What We Do If There is a Health Problem at the 7 Week Check Up
If there is a health problem with your puppy at the 7 week check up, you will be notified as soon as possible. We do these check ups between 6 weeks 5 days and 7 weeks 1 day unless there is a holiday that makes this time-frame not possible. If the problem is something that could have long term implications, you will have the opportunity to forego your puppy and get a complete refund. I will discuss below the problems that could be discovered at the exam and how we handle them.
The most common thing that we discuss with families about our 7 week check up is undescended testicles. Probably about 25% of our male puppies do not have both testicles descended at the 7 week check up. Most of these 25% have both testicles down by the time puppies are taken to new owner vets at 8 weeks. A few will take as long as 10 weeks to descend. This is within the range of normal development for Golden Retriever puppies. Since we have been breeding, we have had 3 puppies whose testicles never descended. In the event that your puppy's testicles don't descend, nothing needs to be done until he is neutered at one year of age. At that time, the testicle will be taken care of. We have checked with both of the vet practices that we use as to the additional cost of this minor procedure. One practice charges an additional $50 for the neuter when there is an undescended testicle. The other charges just under $100. I have talked to other breeders to see what their vets charge and these charges are fairly consistent across most of the country. We will refund $150 to more than cover what most vets charge. If your vet should insist on neutering early because of increased possibility of testicular cancer, please read these links where you will see that studies have shown that these risks are very small for young dogs. The benefits of late neutering far outweigh this small risk of testicular cancer. We recommend neutering these dogs just over a year. Here are the links: http://www.caninesports.com/uploads/1/5/3/1/15319800/spay_neuter_considerations_2013.pdf and https://www.ncbi.nlm.nih.gov/pubmed/43317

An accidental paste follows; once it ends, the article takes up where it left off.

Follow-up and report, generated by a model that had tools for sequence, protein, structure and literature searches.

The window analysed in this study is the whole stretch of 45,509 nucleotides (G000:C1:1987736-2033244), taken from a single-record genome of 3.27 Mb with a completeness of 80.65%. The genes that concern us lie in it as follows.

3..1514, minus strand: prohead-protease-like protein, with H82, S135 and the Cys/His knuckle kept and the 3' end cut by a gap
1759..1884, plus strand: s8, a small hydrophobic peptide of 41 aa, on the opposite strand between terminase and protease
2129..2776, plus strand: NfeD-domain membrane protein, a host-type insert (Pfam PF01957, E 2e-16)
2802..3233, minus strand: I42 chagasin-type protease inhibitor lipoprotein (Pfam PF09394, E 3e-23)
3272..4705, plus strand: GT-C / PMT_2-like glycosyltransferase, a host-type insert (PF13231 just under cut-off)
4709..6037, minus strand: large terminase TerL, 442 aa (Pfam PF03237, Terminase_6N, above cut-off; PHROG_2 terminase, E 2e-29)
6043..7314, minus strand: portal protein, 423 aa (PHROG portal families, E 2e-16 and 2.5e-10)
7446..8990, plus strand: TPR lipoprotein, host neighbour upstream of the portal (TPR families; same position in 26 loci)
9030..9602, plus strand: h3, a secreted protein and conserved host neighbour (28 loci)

We occasionally have a puppy with loose stools and the vet will give us medicine for this minor issue. This problem is almost always taken care of with meds before puppies go home.
A less common problem that we have had is a heart murmer. We have sent home 3 puppies with benign heart murmers (grade 1). All 3 of them outgrew it by 6 months. We have never had a puppy with a true heart problem. However, benign heart murmers are fairly common in Golden Retriever puppies. These murmers are caused by the sections of the heart growing at different rates. When vets hear a grade 1 murmer in a young puppy, waiting is usually the first recommendation as long as the puppy is playing and acting normally. We have never had a murmer that was more than a grade 1. If your puppy should have a murmer, even if it is only a grade 1, we give you the option of forfeiting the puppy and getting a full refund. We will keep the puppy and train him until he outgrows the murmer and then sell him to someone else as a trained puppy. If you take the puppy and then the murmer becomes something serious, the terms of our contract apply.
If there should be a problem found before puppy selection of any significance, it will be the person who reserved a puppy of that sex last who would be given a refund and forfeit getting a puppy from that particular litter.